November 20, 2004

English in Kurdistan

There's a letter in Friday's Financial Times from Brendan O'Leary and Khaled Salih, Constitutional Advisers to the Kurdistan National Assembly, arguing as follows:

That many Kurds have chosen English (or "American") as their primary second language is evidence of Kurdistan's progress, and should be welcomed. English is the lingua franca of advanced scientific and medical journals, and of international governmental and business organisations; and it is the emergent public language of the European Union that Kurdistan's neighbour, Turkey, may soon join.

It is equally in the interests of Arab Iraq to have English as its second language, not least to bridge the three deficits in the Arab-speaking world identified by the Arab Human Development Report of 2002; namely, the democracy deficit, the female equality deficit and the knowledge deficit. Kurdistan's comparative success in these three domains owes much to the prevalence of European second languages among its diaspora and residents. English, as a post-colonial and a world language, is the appropriate impartial link medium for a pluri-national, federal and democratic Iraq in which both Arabic and Kurdish will be official languages.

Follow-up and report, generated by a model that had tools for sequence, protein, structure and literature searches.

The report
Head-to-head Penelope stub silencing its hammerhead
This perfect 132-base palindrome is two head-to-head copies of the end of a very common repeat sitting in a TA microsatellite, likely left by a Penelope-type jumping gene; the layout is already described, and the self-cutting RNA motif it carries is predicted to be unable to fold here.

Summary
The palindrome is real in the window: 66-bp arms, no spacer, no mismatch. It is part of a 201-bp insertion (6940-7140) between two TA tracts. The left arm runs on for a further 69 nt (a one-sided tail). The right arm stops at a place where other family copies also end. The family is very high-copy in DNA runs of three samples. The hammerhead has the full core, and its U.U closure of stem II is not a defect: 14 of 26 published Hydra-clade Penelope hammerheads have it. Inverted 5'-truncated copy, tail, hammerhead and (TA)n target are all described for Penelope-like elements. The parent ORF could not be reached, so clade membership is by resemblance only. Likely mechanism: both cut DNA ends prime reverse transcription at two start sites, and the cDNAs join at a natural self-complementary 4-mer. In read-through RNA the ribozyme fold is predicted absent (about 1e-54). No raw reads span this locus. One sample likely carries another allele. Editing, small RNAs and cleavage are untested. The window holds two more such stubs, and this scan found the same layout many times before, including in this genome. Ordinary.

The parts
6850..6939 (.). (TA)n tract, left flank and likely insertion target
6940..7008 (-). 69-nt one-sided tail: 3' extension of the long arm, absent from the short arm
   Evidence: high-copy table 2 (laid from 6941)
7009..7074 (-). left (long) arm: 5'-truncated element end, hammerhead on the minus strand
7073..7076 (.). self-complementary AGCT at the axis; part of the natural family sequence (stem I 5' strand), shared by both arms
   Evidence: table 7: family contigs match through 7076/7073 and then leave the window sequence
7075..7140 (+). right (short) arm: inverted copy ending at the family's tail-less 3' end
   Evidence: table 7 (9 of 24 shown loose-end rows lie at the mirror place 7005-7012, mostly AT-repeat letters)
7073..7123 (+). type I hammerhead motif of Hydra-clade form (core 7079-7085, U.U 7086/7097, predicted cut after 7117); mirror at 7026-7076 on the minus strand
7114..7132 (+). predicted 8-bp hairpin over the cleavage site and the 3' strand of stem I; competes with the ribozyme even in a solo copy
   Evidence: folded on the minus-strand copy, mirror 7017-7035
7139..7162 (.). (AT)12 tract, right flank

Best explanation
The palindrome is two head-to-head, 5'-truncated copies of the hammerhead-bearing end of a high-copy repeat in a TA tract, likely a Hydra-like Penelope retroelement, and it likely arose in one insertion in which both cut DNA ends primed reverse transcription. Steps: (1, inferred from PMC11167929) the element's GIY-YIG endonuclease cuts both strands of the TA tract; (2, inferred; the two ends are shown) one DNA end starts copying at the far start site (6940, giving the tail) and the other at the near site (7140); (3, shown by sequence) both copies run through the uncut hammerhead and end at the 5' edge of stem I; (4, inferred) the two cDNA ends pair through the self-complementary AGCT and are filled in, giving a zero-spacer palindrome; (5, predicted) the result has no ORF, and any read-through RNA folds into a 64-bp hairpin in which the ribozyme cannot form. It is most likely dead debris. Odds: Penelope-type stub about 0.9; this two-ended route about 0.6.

They are responding to an Op-Ed piece by Damjan De Krenjevic-Miskovic and Nikolas Gvosdev of the Nixon Center, published on 11/16 (accessible only with a subscription).

I recently heard a Kurdish official describing a meeting with an (Arab) representative of the current Iraqi governing council. According to the Kurd, he began the discussion in English, and the Arab objected: "Can't you speak Arabic?" The Kurd's response: "No, I can't." In fact, his command of Arabic, both literary and colloquial, is excellent -- he was making a true statement about his perceived moral and political obligations, rather than a false one about his linguistic abilities.

Recent history helps to explain this attitude.


Posted by Mark Liberman at November 20, 2004 09:38 AM